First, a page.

Researchers Develop 3D Printed Ingestible Capsule for Wireless Drug Delivery

Researchers Develop 3D Printed Ingestible Capsule for Wireless Drug Delivery

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Researchers from MIT, Draper, and Brigham and Women’s Hospital have developed a 3D printed ingestible capsule that can be controlled wirelessly to deliver drugs to patients.

A team comprised of researchers from MITDraper, and Brigham and Women’s Hospital is aiming to revolutionize the way that medication is delivered with a new 3D printed ingestible capsule that can be controlled using Bluetooth wireless technology. The newly developed device can be customized to deliver drugs and sense environmental conditions.

Residing in the stomach for at least a month, the 3D printed capsule is able to transmit information and respond to instructions from the user’s smartphone. It could be particularly useful in cases where medication must be taken over a long period of time or for patients that have a strict dosing regimen.

The researchers also claim that the 3D printed ingestible device can be engineered to sense infections, allergic reactions, and other immediate conditions, and then deliver treatment accordingly. Wearables or implantable medical devices can be used to communicate with the capsule, gathering information and sending it directly to the patient’s or doctor’s smartphone.

A Long Time Coming: How the 3D Printed Ingestible Capsule was Born

The recent development of this 3D printed capsule comes on the back of several years worth of research on ingestible sensors and drug delivery capsules. Back in 2016, the very same research team created a star-shaped capsule that had six foldable arms encased within a smooth capsule. After the capsule is swallowed, it dissolves and the arms expand outward, allowing the device to attach itself within the stomach.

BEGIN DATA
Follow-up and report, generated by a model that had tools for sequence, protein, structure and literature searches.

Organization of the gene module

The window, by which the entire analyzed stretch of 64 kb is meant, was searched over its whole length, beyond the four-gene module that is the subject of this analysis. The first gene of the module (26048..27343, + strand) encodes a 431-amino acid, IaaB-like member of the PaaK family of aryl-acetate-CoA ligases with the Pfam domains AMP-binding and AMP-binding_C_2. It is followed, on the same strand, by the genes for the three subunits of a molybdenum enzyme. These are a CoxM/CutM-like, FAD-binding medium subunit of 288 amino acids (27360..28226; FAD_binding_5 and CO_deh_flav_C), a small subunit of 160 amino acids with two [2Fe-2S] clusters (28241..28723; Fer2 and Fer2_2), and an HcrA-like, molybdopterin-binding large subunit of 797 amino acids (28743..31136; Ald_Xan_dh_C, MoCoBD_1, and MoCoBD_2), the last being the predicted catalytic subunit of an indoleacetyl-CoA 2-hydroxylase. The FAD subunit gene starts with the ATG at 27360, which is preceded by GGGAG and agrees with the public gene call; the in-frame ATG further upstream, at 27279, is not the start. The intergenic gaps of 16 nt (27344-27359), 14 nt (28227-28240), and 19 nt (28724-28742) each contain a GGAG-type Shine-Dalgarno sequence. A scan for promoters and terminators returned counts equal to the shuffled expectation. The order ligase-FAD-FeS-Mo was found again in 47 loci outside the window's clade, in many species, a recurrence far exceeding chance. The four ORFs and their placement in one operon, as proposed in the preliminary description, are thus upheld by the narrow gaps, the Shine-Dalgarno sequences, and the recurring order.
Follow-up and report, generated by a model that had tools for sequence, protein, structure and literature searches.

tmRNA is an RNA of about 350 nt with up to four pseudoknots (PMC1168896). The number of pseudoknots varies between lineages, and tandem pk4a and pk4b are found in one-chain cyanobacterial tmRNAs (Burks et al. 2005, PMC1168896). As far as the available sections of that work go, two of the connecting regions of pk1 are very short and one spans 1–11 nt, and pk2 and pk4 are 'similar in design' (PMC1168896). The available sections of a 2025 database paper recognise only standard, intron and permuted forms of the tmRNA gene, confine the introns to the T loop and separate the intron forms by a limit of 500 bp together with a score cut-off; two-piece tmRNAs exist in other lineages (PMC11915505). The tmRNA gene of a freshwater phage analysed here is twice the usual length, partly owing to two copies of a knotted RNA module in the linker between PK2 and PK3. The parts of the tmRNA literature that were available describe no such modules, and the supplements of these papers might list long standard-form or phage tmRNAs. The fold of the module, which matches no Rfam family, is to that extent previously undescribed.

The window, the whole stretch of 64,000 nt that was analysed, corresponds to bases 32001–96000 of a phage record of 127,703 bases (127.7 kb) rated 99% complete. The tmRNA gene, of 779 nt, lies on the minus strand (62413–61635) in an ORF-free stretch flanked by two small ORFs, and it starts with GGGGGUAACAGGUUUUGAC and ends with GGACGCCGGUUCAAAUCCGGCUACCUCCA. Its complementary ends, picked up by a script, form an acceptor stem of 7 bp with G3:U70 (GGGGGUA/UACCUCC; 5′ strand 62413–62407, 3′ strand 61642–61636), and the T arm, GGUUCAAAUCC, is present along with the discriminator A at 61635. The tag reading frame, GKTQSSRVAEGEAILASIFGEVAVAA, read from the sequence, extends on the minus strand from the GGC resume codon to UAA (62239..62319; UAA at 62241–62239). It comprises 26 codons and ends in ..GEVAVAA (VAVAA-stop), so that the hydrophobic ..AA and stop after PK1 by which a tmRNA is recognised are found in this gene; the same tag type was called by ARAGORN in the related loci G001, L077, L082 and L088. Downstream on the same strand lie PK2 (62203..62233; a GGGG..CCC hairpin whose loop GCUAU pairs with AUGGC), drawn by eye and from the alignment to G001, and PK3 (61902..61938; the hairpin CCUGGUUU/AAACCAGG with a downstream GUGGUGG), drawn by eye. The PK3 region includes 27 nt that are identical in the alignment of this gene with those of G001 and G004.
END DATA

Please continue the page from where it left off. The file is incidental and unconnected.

With the new device, it similarly unfolds into a Y-shape after being ingested, enabling it to remain in the stomach for a month before it breaks down into smaller pieces and exits the body. One of the device’s arms is equipped with four small compartments that can be loaded up with different drugs that can be packed within polymers, allowing them to be released gradually into the patient’s system. In the near future, the scientists believe that they will be able to open the compartments remotely through wireless Bluetooth communication.

Sensors can also be mounted onto the device, enabling doctors and patients to monitor the gastric environment and relay information via smartphone. In their most recent research paper, the researchers were successfully able to monitor the temperature and transmit that information directly to a smartphone.

By using 3D printing technology, the team was granted with a lot of design freedom, making it easy to incorporate the various components embedded within the capsules. On top of that, 3D printing allowed them to alternate layers of stiff and flexible polymers, helping the capsule to resist the acidic environment of the stomach.

“Multimaterials 3-D printing is a highly versatile manufacturing technology that can create unique multicomponent architectures and functional devices, which cannot be fabricated with conventional manufacturing techniques. We can potentially create customized ingestible electronics where the gastric residence period can be tailored based on a specific medical application, which could lead to a personalized diagnostic and treatment that is widely accessible,” said Yong Lin Kong, a former MIT postdoc and lead author of the study.

All in all, the researchers believe that the device could be useful for long-term delivery of drugs that have to be injected, as well as for patients with conditions that require a strict dosing schedule, such as HIV and malaria. They also imagine that this kind of sensor could be utilized to find early signs of disease and quickly respond with the proper medication. For instance, patients who are undergoing chemotherapy or immunosuppressive drugs could benefit from this real-time monitoring.

The research, which was funded by the Bill and Melinda Gates Foundation and the National Institutes of Health, was recently published in Advanced Materials Technologies.

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